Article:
First the good news: Canada’s senior IT managers are surprisingly bullish on the outlook for business and technology – even more than they were a year ago – and many are planning to boost their spending, according to the second annual ITX Survey.
But the survey also reveals a half-hearted approach to security and privacy, a notable contrast in attitudes among public and private sector managers and even a fear for personal well-being.
The results of the 2002 ITX Survey, the largest of its kind in Canada, were released last month by sponsors Athabasca University and CIO Canada magazine (a publication of IT World Canada Inc.).
Dr. Peter Carr, director of Athabasca University’s Centre for Innovative Management, said he was surprised by the upbeat tone of survey respondents. “We’re on the verge of another technology-related expansion,” he said. “The business-IT environment is significantly more positive than it was 12 months ago.”
Thirty-four per cent of survey respondents said they expect their IT budgets to increase while 42 per cent said their budgets would at least remain stable. Well over half agreed that their IT systems are having a measurable and positive impact on their organization’s overall performance. “(This) is a high degree of confidence we have not seen before,” Carr said.
But the survey also revealed some mixed attitudes toward security (the poll was conducted after Sept. 11). One-third of respondents admitted that their staff regularly bypassed “cumbersome” security procedures, while 19 per cent and 20 per cent said their organizations suffered at least one “serious” breach of external and internal security systems respectively. Of those, 65 per cent didn’t report the incident to authorities.
Respondents also offered a lukewarm assessment of their senior mangers – more than half agreed that their managers know the strategic importance of IT, and 42 per cent said they tend to take leadership of IT projects. When they do, 37 per cent said they manage the introduction of IT systems well.
But only one-third agreed that their mangers display a decent grasp of IT processes. Thirteen per cent went so far as to accuse them of covertly reading their e-mail messages. “If (they) believe their manager is behaving in this way…that’s going to have quite an impact on how the organization behaves,” Carr said.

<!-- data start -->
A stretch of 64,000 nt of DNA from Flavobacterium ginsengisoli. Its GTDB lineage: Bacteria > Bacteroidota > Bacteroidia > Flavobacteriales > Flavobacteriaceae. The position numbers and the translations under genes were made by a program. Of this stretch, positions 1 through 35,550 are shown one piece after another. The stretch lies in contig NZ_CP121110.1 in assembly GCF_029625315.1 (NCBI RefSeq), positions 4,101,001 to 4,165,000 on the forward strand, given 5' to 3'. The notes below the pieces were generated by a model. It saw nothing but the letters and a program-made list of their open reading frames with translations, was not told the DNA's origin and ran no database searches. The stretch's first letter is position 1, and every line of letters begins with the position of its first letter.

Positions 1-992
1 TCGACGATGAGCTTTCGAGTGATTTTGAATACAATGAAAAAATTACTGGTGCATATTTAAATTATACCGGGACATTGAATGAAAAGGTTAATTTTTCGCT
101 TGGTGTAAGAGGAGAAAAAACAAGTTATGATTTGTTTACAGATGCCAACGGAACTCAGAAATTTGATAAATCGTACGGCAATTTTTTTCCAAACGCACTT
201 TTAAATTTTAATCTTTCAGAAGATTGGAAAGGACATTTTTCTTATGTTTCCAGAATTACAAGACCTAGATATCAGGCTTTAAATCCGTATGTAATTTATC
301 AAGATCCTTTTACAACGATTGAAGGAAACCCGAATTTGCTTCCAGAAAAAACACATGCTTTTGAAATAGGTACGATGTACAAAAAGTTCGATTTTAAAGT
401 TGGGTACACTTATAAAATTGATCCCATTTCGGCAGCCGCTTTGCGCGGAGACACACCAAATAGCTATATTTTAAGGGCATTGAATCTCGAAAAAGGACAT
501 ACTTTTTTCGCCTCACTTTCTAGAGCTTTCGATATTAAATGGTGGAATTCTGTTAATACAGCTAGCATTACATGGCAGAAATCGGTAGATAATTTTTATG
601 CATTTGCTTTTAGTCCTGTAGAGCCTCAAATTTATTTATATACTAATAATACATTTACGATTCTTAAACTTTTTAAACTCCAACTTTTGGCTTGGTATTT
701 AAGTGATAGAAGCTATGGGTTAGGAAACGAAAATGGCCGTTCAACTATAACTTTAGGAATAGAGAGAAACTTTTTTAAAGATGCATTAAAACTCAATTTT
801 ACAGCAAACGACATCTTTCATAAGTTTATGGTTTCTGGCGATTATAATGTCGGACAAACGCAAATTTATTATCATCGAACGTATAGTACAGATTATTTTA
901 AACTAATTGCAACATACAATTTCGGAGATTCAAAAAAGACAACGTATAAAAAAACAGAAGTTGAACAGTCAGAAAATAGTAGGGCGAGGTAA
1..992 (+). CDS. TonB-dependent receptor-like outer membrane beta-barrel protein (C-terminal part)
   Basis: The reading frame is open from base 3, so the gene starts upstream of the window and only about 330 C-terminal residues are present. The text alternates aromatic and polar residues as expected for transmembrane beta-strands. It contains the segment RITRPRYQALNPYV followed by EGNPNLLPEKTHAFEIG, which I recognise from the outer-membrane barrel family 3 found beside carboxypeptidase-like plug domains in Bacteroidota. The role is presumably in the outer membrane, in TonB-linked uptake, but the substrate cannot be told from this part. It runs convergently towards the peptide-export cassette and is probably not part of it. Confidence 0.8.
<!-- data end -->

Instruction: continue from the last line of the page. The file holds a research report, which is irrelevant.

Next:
Among other notable findings: 31 per cent of respondents are unhappy with the amount staff training being made available, and overall were more likely to say that IT introduced stress into the organization rather than reduced it.
In perhaps the most disturbing finding, 10 per cent reported a rise in the number of incidents involving acts of sabotage, verbal aggression or “extreme hostility.”
The ITX Survey found that confidence in Canada’s ability to compete in the global e-economy is on the rise: 47 per cent said Canada is doing a good job on that front, up from last year. Although respondents were nearly evenly split on whether the country is on par with the U.S., the number of naysayers is down from last year.
One unexpected revelation: When the answers are broken down by industry, respondents who work in the health care, education and public administration sectors are, on the whole, revealed to be markedly less positive than their counterparts in the private sector, Carr noted. For instance, after the disagree answers were subtracted from the agree answers, a total of 57 per cent of respondents in the financial and insurance industry and 47 per cent in the professional, science and technical industry agreed that IT had a positive impact on their environment.
In contrast, respondents in the education and public administration sectors came in at 33 per cent and 36 per cent respectively.
“This is something we need to look more closely at,” Carr said. “But…it’s perhaps something we want to take seriously.”
The 2002 ITX Survey was conducted online and involved 2,823 IT managers and professionals. The full results of the survey can be found at www.athabasca.ca/mb. They will also be published in CIO Canada.